Frank Sinatra died May 14, 1998, at the age of 82 after suffering a heart attack. Like the song, Frank Sinatra did his Last Will his way. The Last Will, dated May 1, 1993, divides most of Sinatra's considerable estate between his fourth wife, Barbara Marx, and his three children, Frank Jr., Nancy and Tina. The Frank Sinatra zinger is that since he was aware of the significant animosity between his children, who were products of his first marriage to Nancy Barbato, and his wife, Sinatra included a clause in his Last Will that automatically disinherits anyone who contests it.

That means the heirs will have to make nice if they want to collect. No one who was mentioned in Sinatra's Last Will took advantage of the first opportunity to challenge it in court. A lawyer for the estate's executors credits a no-contest clause in the Last Will with being a "substantial deterrent" to any challenges.

"Anyone knows if they want to challenge the Last Will they better succeed because if they fail they are going to disinherit themselves completely," said lawyer Andrew Garb. The most contentious of the provisions in the Last Will is the issue of who may merchandise Frank’s name, a valuable asset since his brand name appears on a huge volume of merchandise.

The Last Will gives this asset to Frank’s fourth wife Barbara, whereas in the latter part of his life it was controlled by his daughter Tina. Frank obviously knew that this change in direction would cause even more friction between his families. It is significant that the bulk of Sinatra's net worth - between $200 and $600 million - was set aside in a living trust enacted before his death. The living trust has significant tax advantages for the beneficiaries.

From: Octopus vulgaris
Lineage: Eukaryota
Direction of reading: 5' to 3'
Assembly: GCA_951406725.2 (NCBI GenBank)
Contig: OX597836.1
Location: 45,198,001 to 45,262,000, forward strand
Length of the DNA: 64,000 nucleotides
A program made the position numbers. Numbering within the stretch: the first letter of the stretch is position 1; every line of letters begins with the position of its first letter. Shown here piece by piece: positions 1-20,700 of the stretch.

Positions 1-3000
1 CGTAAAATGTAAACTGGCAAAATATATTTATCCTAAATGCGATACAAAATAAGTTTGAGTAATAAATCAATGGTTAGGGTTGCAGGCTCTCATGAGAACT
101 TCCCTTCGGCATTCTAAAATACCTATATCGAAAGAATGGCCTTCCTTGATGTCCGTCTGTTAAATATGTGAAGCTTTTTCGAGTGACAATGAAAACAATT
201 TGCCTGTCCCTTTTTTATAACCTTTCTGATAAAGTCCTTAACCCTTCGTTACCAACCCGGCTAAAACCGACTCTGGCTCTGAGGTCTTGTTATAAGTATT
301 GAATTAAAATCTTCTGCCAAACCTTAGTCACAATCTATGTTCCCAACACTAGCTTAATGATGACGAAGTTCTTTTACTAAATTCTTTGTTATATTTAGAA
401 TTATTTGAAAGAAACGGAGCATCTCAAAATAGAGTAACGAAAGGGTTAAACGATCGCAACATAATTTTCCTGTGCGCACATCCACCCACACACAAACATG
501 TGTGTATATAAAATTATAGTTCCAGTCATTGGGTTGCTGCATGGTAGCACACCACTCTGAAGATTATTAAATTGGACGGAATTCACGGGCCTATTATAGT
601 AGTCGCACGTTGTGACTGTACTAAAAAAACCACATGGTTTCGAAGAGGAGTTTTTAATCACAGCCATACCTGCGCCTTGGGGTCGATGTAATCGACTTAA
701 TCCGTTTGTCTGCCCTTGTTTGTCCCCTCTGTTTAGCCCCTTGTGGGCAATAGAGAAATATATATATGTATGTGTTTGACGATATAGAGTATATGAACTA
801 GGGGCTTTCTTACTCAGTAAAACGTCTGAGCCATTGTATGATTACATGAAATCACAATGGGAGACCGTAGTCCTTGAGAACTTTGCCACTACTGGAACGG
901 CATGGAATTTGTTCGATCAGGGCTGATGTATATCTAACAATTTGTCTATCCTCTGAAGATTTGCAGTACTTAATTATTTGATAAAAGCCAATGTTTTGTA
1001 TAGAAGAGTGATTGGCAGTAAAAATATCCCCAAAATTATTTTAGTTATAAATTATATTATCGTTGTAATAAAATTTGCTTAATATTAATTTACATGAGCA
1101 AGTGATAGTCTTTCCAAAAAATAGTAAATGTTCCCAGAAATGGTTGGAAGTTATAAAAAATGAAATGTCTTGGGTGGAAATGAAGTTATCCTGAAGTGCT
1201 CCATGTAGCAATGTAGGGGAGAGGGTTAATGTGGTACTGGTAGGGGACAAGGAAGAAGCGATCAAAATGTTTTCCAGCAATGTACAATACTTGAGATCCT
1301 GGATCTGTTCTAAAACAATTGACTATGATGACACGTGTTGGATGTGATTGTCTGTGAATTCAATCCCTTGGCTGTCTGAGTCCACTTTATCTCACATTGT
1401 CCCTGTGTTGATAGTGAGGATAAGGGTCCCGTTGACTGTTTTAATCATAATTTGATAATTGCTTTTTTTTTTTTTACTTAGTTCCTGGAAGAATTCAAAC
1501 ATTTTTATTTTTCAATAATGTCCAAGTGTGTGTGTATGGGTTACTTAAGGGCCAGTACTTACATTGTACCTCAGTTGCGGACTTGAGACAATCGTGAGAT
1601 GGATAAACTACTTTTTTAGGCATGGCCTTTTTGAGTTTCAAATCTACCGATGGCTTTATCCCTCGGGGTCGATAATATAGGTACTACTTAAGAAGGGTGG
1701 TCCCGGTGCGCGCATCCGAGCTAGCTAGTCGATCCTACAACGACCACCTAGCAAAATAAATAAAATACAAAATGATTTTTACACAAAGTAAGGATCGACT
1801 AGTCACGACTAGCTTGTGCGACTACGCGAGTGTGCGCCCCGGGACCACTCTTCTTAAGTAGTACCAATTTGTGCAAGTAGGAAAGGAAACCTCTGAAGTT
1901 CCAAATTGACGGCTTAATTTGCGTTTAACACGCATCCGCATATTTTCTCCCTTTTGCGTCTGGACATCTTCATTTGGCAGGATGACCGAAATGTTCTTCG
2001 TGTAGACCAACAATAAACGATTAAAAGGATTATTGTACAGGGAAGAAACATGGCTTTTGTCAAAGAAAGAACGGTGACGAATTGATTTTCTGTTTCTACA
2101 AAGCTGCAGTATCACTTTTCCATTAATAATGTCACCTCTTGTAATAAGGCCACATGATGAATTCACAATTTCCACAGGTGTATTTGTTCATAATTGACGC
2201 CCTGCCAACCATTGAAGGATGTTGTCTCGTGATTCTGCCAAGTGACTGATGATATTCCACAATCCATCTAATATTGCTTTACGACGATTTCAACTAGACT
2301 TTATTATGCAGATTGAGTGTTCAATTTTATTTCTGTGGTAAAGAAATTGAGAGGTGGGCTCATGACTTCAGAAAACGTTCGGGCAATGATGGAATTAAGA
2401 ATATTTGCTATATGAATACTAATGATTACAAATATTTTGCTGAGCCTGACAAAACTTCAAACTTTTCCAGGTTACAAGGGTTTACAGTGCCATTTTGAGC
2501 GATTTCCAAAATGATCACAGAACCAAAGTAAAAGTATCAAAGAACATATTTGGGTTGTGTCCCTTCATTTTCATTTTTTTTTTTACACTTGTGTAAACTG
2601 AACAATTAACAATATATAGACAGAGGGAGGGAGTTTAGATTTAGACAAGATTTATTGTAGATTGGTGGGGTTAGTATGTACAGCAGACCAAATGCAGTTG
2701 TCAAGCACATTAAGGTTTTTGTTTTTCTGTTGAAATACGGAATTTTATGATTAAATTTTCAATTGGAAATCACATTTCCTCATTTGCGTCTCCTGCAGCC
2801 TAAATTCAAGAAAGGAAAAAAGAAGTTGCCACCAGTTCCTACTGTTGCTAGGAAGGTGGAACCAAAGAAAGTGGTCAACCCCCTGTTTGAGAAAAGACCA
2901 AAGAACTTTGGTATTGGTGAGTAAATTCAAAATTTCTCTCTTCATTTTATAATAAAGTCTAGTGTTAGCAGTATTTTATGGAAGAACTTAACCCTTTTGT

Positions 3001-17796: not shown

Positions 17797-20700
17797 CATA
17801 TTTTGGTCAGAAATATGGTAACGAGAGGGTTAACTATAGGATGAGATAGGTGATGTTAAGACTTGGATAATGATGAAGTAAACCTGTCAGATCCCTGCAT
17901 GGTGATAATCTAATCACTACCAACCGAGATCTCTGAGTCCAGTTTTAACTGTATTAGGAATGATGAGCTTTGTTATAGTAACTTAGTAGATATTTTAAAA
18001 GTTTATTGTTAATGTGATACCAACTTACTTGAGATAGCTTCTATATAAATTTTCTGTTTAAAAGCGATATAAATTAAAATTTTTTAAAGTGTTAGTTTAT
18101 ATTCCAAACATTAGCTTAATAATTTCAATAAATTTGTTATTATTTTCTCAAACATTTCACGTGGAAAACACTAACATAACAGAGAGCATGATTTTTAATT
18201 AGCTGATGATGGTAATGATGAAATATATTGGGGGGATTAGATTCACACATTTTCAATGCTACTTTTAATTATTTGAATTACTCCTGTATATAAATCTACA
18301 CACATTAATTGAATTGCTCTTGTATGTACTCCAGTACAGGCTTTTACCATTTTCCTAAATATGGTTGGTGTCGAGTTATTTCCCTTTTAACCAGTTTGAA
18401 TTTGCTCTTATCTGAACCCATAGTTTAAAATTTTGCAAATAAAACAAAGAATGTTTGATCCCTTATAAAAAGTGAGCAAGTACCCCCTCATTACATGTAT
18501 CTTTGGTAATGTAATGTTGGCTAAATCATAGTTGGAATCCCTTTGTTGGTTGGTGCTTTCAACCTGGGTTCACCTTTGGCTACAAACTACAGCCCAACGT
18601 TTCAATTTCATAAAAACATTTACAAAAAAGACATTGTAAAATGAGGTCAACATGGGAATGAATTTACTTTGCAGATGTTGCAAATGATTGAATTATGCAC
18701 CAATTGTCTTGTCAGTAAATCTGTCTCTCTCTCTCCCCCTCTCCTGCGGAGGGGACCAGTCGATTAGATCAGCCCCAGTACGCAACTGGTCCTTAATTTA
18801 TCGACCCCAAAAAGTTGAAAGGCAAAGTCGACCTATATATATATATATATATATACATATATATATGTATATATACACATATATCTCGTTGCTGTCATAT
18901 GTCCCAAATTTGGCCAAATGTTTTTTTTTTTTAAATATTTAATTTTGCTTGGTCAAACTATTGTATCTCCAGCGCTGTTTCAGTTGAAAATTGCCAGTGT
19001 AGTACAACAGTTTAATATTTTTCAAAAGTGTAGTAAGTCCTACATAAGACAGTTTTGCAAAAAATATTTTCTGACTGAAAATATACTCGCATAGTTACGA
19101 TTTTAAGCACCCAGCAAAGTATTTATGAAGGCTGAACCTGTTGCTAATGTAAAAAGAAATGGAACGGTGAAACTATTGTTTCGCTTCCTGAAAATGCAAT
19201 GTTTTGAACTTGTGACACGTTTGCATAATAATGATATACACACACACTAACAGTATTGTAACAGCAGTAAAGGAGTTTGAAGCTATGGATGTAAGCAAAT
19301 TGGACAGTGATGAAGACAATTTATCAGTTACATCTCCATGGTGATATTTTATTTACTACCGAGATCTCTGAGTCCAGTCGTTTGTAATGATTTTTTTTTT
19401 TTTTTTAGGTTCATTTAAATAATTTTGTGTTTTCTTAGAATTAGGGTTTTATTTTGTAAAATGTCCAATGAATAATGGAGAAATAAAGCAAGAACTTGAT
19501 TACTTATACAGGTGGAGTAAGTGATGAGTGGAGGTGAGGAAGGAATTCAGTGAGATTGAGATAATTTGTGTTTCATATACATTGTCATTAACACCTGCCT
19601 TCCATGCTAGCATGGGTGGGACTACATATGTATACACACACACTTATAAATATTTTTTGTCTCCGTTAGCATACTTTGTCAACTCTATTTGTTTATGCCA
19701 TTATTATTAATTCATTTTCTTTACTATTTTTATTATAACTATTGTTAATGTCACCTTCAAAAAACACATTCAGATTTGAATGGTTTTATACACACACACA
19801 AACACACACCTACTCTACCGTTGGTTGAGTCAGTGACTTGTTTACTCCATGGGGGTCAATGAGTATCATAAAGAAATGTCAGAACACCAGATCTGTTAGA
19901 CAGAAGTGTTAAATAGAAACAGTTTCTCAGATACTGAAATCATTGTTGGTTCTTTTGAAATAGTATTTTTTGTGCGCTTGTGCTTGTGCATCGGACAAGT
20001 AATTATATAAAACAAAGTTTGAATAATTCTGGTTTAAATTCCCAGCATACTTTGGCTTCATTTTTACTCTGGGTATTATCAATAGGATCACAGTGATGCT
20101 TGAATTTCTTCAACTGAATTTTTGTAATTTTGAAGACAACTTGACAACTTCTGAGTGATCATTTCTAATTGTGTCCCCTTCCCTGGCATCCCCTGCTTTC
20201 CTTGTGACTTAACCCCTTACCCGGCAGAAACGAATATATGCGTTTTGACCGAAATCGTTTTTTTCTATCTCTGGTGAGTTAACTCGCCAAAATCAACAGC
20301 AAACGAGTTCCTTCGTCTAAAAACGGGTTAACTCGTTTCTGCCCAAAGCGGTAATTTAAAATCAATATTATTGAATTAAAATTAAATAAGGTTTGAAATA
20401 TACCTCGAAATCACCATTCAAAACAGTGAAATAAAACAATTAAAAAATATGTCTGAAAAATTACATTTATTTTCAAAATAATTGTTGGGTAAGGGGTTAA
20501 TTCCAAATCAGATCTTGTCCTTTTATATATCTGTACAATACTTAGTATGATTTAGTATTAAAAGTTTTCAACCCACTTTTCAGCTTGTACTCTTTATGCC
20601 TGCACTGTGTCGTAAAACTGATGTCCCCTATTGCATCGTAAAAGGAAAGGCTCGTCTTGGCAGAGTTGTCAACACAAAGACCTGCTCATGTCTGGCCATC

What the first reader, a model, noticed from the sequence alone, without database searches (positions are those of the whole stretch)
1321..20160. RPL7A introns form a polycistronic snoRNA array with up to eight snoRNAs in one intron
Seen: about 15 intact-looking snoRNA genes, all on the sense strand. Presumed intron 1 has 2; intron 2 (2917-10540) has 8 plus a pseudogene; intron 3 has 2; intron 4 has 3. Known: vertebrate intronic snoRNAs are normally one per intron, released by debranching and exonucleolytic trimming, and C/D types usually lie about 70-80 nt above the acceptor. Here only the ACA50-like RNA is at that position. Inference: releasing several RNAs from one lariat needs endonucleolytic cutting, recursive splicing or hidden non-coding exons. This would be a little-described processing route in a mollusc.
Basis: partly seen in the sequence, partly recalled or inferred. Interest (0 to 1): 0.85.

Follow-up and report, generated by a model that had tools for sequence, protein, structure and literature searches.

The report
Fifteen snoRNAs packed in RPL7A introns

Furthermore, unlike the Last Will, which is subject to a review in probate court and is therefore a public document, the contents of the living trust are confidential – also something Frank would like. It is known that the children received rights to most of their dad's lucrative music catalog. Ol' Blue Eyes also added $1million to a living trust fund established earlier for his two grandchildren.

Most of his estate had previously been put into a living trust, separate to the grandchildren's trust. In that fund, known as a living trust, Sinatra's children were given rights to much of the singer's music catalogue. Sinatra's attorney, Harvey Silbert said: "There are very substantial assets in the trust." Here are other provisions of the Last Will:

Barbara, his wife of 22 years, gets $3.5 million in assets, along with mansions in Beverly Hills and Malibu and a ranch near Palm Springs. She also receives rights to Sinatra's Trilogy recordings, most of his material possessions and control over his name and likeness. Frank Jr., Nancy and Tina get $200,000 in cash each, as well as stock. Their mother Nancy Barbato, Frank’s first wife, gets $250,000. Frank Jr. gets the rights to Frank Sr.’s sheet music.

Robert Marx, Barbara's son from her marriage to Zeppo Marx, gets $100,000. Sinatra's friends Elvina Joubert and Dorothy Uhlemann get $150,000 and $50,000, respectively. His best friend Jilly Rizzo was supposed to collect $100,000, but he died in 1992 and was removed from the Last Will Sinatra's attorney, Harvey Silbert, discounted earlier reports that the entertainer was leaving $150 million to Barbara Sinatra's Children Center, and there was no indication of such a donation in the Last Will.